A search of the MEDLINE database was conducted through September 2012.  There was no new information identified that would prompt a change in the coverage statement. The following is a summary of the key literature identified.
A 2011 review of complementary medicine for ADHD indicates that there is only one large randomized trial (Gevensleben et al., reviewed above) that found a significant benefit (i.e., with a moderate effect size of 0.6) of neurofeedback for children with ADHD (Skokauskas, 2011). In comparison, effect sizes in studies that used medication were around 0.8 for methylphenidate and around 1.2 for amphetamine. Three additional small RCTs have been identified which found no significant difference between neurofeedback and either attention skills training, placebo training, or biofeedback relaxation training (Gevensleben, 2012).  Comparison with biofeedback relaxation training suggests that non-specific factors such as a structured learning environment may contribute to the effects of neurofeedback (Bakhshayesh, 2011).
Parkinson’s Disease
Subramanian et al. conducted a “proof of principle” study to determine whether fMRI-guided activity increase in the supplementary motor area (SMA) cortex complex would result in improved motor function in patients with early stage Parkinson’s disease (Subramanian, 2011). Patients were instructed to practice the strategy/imagery that was used during the initial neurofeedback (n=5) or control imagery session (n=5) for 2-6 months at home. At follow-up, the patients in the fMRI neurofeedback group showed higher activation than imagery control patients in several brain regions and improved motor speed (finger tapping) and clinical ratings of motor symptoms. The imagery control patients showed no control of SMA activation and no motor improvement.
Migraine Headaches
Walker reported quantitative EEG (QEEG) for the treatment of migraine headaches in 46 patients (Walker, 2011). Results were compared with 25 patients who chose not to do neurofeedback and continued anti-migraine drug therapy. Since baseline QEEG assessment (all 71 patients) showed a greater amount of the high-frequency beta band (21-30 Hz); the 5 neurofeedback sessions focused on increasing 10-Hz activity and decreasing 21-30 Hz targeted individually to brain areas where high-frequency beta was abnormally increased. Patient diaries of headache frequency showed a reduction in migraines in a majority of patients in the QEEG group but not the drug-therapy group. Fifty-four percent reported complete cessation of migraines over 1 year, with an additional 39% reporting a greater than 50% reduction. In comparison, no patients in the drug-therapy group reported a cessation of headaches, and 8% had a reduction in headache frequency of greater than 50%. Randomized sham-controlled trials are needed to adequately evaluate this treatment approach.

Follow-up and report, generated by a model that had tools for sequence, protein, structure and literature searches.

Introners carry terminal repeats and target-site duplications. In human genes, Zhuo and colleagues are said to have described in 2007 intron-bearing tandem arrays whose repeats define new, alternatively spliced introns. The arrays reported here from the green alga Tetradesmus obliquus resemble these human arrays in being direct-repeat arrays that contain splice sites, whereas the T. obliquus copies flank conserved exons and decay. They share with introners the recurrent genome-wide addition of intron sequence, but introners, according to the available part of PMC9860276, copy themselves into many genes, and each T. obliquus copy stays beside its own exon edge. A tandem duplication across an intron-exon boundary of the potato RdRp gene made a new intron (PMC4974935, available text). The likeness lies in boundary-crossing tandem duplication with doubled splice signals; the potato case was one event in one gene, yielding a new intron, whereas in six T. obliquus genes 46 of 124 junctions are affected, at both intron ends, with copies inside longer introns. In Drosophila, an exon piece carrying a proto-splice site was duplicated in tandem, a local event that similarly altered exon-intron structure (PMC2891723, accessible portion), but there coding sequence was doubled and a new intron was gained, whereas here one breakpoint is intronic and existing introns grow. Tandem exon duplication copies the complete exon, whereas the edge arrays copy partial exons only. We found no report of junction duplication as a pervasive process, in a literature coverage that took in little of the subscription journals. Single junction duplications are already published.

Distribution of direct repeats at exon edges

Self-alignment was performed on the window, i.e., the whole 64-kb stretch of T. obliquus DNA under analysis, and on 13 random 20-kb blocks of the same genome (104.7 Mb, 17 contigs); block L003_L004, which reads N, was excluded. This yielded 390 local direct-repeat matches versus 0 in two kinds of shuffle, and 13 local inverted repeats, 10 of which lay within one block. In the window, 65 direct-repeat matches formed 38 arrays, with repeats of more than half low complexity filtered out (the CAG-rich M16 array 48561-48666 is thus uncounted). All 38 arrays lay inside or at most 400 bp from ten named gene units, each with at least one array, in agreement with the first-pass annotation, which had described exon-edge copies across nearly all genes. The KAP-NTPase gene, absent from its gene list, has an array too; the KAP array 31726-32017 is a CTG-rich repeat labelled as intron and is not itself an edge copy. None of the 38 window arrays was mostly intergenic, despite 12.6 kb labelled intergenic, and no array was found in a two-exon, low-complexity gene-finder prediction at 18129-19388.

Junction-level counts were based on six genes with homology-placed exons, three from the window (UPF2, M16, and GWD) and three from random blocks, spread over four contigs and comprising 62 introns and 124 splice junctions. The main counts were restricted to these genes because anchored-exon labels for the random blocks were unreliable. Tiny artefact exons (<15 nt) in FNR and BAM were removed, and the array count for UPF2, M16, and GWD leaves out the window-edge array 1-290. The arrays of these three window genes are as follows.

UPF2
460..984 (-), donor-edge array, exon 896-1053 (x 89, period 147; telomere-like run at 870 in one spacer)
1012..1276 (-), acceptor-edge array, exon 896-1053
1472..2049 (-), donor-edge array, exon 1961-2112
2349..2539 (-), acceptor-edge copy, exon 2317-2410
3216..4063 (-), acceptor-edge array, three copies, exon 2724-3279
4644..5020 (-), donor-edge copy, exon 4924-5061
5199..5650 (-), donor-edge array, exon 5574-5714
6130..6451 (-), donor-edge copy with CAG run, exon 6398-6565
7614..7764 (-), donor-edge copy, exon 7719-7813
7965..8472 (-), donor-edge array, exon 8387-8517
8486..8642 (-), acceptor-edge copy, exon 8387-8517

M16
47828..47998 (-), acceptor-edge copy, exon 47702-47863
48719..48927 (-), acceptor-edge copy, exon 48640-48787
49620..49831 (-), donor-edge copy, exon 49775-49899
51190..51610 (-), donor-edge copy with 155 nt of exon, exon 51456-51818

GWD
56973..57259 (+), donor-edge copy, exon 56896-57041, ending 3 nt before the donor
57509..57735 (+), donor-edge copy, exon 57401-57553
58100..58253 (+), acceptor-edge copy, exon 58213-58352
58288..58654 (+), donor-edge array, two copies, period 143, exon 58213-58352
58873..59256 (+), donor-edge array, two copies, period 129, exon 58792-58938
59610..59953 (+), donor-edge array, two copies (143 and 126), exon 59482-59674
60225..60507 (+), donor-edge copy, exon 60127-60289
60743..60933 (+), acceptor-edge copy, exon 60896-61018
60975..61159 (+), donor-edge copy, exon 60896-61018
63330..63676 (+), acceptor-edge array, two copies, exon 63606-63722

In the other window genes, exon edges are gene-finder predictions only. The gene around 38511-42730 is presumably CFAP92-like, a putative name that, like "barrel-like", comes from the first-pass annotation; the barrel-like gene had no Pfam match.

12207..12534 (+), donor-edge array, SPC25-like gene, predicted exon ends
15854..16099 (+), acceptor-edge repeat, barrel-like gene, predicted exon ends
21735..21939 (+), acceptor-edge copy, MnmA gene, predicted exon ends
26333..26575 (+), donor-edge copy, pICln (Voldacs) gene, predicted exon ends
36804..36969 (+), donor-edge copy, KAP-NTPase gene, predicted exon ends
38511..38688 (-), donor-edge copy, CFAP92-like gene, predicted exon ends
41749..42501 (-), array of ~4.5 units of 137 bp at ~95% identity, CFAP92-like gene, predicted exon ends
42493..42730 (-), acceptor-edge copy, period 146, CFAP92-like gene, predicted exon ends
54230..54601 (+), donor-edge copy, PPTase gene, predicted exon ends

Practice Guidelines and Position Statements
The International Society for Neurofeedback & Research published a 2011 position paper on standards of practice for neurofeedback and neurotherapy (Hammond, 2011). Issues discussed include competency, qualifications of practitioners, scope of practice, informed consent, pretreatment assessment, standards for remote training, recordkeeping and billing, accountability, standards for practitioner training and qualifications to be trained, adequate supervision and coaching of training sessions, ethical advertising, standards for professional societies, and standards for those who sell and manufacture neurofeedback equipment.
Clinical guidelines on behavioral and psychosocial interventions for Tourette syndrome and other tic disorders were published in 2011 by the European Society for the Study of Tourette Syndrome. The guidelines state that neurofeedback is still experimental (Verdellen, 2011).
2013 Update
A search of the MEDLINE database through August 2013 did not reveal any new literature that would prompt a change in the coverage statement. Two randomized controlled trials were identified and summarized below.
In 2013, Koprivova et al. reported a double-blind randomized sham-controlled trial of independent component neurofeedback in 20 patients with obsessive-compulsive disorder (Koprivova, 2013). Independent component neurofeedback is based on the individual diagnosis of pathological EEG sources and was directed at downtraining of abnormally high activity. All patients were hospitalized and participated in a 6-week standard treatment program that included cognitive-behavioral therapy and 25 neurofeedback or sham biofeedback sessions. The neurofeedback group showed greater reduction of compulsions compared to the sham group (56% vs. 21%). However, clinical improvement was not associated with a change in EEG.
In 2012, Duric et al. reported a comparative study of neurofeedback versus methylphenidate in 91 children with ADHD (Duric, 2012). The children were randomized into 3 groups, consisting of 30 sessions of neurofeedback, methylphenidate, or a combination of neurofeedback and methylphenidate. The neurofeedback sessions focused on increasing cortical beta activity and decreasing theta activity. Parental evaluations found improvements in ADHD core symptoms for all 3 groups, with no significant differences between groups. Alternative reasons for improvement with neurofeedback include the amount of time spent with the therapist and cognitive-behavioral training introduced under neurofeedback.
2014 Update
A literature search conducted through June 2014 did not reveal any new information that would prompt a change in the coverage statement. The key identified literature is summarized below.
Randomized Controlled Trials